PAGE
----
Tory home secretary Theresa May is giving police and intellegence services widespread new powers to snoop into our computers.
The planned anti-terrorism and security bill will allow security forces to link data to smartphones and laptops through the IP address, the internet protocol that connects a device to the internet at a given time.
The law will allow the authorities to force internet firms to hand over data showing who has been using a device over a 12-month period.
The bill is being framed as a response to terrorism, yet anyone conducting “criminal activity” can be targeted.
This snooper’s charter means that the security forces can check an individual’s internet use and “discover” any activity that can be deemed “criminal”, as part of a wider crackdown on internet freedom.
Records that would be made available include information on social network sites such as Facebook, webmail such as Hotmail, internet phone calls and online gaming sites.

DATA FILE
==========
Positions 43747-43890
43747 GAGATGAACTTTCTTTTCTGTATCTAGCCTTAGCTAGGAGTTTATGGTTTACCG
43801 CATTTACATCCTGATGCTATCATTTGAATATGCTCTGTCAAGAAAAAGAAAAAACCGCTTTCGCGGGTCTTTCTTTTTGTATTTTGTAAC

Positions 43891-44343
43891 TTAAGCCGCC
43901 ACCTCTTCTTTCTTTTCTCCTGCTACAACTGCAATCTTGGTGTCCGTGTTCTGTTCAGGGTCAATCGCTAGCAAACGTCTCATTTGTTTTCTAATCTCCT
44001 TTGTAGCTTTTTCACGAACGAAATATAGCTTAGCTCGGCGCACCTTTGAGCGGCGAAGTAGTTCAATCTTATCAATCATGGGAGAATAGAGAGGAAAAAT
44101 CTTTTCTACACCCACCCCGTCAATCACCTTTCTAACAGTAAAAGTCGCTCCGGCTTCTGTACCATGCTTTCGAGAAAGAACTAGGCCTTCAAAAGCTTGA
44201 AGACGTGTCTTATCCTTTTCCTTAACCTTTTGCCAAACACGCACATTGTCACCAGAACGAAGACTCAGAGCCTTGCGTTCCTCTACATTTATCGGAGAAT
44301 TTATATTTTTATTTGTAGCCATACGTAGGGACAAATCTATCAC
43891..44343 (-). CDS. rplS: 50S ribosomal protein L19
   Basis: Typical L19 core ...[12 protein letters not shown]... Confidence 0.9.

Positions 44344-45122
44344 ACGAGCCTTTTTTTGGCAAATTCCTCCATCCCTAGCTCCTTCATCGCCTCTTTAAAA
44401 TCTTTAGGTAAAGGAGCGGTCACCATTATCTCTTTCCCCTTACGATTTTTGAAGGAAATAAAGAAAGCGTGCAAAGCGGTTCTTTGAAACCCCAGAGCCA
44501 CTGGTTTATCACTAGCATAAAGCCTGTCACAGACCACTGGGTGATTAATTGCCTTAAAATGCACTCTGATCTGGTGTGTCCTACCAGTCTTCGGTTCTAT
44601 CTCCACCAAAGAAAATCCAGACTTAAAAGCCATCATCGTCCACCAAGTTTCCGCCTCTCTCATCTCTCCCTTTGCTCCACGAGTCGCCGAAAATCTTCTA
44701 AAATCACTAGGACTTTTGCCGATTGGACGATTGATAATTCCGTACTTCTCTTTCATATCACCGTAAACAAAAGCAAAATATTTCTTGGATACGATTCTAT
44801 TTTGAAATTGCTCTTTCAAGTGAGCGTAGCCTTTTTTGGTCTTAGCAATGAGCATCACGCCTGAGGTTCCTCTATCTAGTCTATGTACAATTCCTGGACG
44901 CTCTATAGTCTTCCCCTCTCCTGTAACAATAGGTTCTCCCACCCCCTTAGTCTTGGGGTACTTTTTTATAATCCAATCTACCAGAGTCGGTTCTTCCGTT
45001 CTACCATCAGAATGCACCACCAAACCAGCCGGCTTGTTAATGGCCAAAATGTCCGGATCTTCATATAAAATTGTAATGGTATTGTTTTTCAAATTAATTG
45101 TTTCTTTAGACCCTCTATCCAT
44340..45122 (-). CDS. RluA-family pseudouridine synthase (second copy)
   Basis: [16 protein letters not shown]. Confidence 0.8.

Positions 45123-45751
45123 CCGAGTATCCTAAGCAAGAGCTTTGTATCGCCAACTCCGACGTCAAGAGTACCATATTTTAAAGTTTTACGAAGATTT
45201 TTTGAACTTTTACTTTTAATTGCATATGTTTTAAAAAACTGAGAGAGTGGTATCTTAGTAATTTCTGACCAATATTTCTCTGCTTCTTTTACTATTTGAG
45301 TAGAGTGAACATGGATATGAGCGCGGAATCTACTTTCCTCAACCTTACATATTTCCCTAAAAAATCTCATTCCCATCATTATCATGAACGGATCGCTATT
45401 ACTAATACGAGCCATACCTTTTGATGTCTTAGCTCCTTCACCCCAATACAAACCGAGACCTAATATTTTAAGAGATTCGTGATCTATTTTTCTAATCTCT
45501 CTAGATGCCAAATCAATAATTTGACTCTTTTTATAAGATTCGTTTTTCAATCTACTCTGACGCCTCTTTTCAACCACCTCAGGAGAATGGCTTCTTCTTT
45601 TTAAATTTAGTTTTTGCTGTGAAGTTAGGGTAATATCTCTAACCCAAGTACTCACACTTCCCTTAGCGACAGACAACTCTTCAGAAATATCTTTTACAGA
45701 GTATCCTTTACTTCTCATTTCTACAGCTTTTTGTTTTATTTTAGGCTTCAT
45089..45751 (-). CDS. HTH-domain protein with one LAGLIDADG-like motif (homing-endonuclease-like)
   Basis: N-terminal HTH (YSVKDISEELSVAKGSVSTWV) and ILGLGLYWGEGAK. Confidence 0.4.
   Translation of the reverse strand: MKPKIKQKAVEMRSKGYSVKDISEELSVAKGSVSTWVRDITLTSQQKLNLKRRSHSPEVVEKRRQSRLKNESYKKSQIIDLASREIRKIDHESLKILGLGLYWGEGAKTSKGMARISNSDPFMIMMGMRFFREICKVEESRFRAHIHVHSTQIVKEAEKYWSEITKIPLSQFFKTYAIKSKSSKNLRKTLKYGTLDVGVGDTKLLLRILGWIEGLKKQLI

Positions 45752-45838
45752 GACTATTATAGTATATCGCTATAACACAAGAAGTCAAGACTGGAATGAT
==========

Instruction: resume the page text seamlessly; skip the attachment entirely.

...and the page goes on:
The plans will allow tax inspectors from HM Revenue and Customs to access data. Local authorities will also be allowed access to the information, although it will be more restricted.
Those who will fall foul of this law will be political activists and those who would not understand the nature of the materials they are accessing.
Most hardened criminals and “terrorists” use alternative systems to circumvent internet snoopers.
Theresa May’s proposals put Britain in line with Saudi Arabia, Egypt and Iran, where internet activity considered a danger to the state can land people in jail.